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I need to group items by their approximity to each other in multi (<5) dimensional space. The items also have a categorical feature. I need to form groups (clusters) such that none of the records from the same category would appear in thr same cluster. Is there a class of clustering algorithms that can do that?

My way of thinking is to use custom distances that would measure two records in the same category further then ones in different categories. That works to some extent, but it does not guarantee satisfaction of the given requirement.

A simple one dimension (x) + category (c) example:

    x       c
0   0.80    0
1   0.90    1
2   0.10    0
3   0.30    1
4   0.20    0

The goal is to group records into two clusters [0, 1];and [2 or 4, 3]; then record 4 or 2 respectively should remain outside of the second cluster because a record with c=0 is already present in the cluster.

Any suggestions?

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  • $\begingroup$ Can we see a sample of your dataset? $\endgroup$ – Aditya Mar 14 '18 at 0:36
  • $\begingroup$ @Aditya I have updated the post. $\endgroup$ – Mitya Gimon Mar 14 '18 at 14:15
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You can write your own algorithm. I drafted something up quickly. It can be significantly optimized.

Let's make some random data

import numpy as np
import matplotlib.pyplot as plt
%matplotlib inline

n = 9
x = np.random.rand(n,2)
y = np.zeros((n,))
y[n//3:2*n//3] = 1
y[2*n//3::] = 2

plt.scatter(x[:,0], x[:,1], c=y)
plt.show()

enter image description here

Now let's get the interdistance of each of these points.

dists = np.asarray([np.linalg.norm(i-j) for i in x for j in x]).reshape(n,n)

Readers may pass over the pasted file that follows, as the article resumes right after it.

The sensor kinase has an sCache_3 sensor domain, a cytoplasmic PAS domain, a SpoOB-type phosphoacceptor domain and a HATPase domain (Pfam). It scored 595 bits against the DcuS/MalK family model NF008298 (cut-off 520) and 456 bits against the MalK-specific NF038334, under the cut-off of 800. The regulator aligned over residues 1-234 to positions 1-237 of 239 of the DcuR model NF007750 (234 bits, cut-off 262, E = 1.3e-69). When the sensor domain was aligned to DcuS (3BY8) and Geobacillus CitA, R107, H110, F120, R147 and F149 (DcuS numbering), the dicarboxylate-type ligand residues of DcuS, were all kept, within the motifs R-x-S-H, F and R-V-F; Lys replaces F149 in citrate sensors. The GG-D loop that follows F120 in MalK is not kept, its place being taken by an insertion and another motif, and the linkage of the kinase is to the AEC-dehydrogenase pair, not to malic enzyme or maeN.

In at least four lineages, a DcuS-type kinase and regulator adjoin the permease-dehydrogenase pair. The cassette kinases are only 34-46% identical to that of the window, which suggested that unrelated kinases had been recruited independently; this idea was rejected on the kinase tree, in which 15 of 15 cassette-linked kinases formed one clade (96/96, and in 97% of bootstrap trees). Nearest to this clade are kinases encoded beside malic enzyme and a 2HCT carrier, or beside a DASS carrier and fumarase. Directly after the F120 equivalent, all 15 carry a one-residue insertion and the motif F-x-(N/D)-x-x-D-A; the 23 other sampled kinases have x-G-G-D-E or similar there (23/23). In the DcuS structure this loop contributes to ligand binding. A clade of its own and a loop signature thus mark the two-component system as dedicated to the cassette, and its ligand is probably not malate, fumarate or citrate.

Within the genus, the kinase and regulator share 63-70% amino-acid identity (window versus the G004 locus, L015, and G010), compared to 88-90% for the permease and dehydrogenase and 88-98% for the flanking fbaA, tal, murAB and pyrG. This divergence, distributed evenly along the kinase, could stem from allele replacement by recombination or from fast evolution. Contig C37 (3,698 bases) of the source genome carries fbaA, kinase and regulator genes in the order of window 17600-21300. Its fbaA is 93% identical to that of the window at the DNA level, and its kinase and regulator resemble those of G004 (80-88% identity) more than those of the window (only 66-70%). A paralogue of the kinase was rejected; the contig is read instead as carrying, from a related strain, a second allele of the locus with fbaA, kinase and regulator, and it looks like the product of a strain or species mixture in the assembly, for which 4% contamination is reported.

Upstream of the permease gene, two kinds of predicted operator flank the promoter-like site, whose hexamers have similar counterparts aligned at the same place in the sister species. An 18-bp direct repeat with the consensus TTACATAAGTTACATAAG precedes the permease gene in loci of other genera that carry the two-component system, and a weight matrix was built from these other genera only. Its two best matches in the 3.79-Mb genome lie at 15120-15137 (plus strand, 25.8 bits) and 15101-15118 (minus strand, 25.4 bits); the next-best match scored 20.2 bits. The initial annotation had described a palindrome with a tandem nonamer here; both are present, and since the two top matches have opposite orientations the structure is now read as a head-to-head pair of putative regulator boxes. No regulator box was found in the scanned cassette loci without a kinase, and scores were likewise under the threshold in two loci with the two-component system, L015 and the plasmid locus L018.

plt.imshow(dists)
plt.show()

enter image description here

We will make a list which will hold the radius of each circle for each point. For each point we will iterate over the other points by their relative nearness. If an associated label is not yet seen, add it to the temporary list. Otherwise, we end the function and take the average of the last distance and the current illegal point.

radii = []

for row in dists:
    labels = []
    dis = []
    for i in np.argsort(row):
        if y[i] not in labels:
            labels.append(y[i])
            dis = row[i]
        else:
            dis = (dis + row[i])/2
            break
    radii.append(dis)

Now we can plot these circles by

fig, ax = plt.subplots(figsize=(10,10))

for ix, i in enumerate(radii):
    circle = plt.Circle((x[ix, 0], x[ix, 1]), i, color='b', fill=False, alpha = 0.5)
    ax.add_artist(circle)

plt.scatter(x[:,0], x[:,1], c=y)
plt.xlim([-0.2,1.4])
plt.ylim([-0.2,1.4])
plt.show()

enter image description here


If we increase the number of datapoints $n$ we get

enter image description here

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  • $\begingroup$ Thank you @JahKnows, that's a great suggestion. I will work from there. It is also important to know, that is no established algorithm. $\endgroup$ – Mitya Gimon Mar 16 '18 at 16:37
  • $\begingroup$ Let me know if I can help with anything! $\endgroup$ – JahKnows Mar 17 '18 at 2:51
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Use a constraint optimizer instead.

Define your objective - what is a good result.

Then define your constraints (all points in exactly one group, no duplicate labels in any group) and run it.

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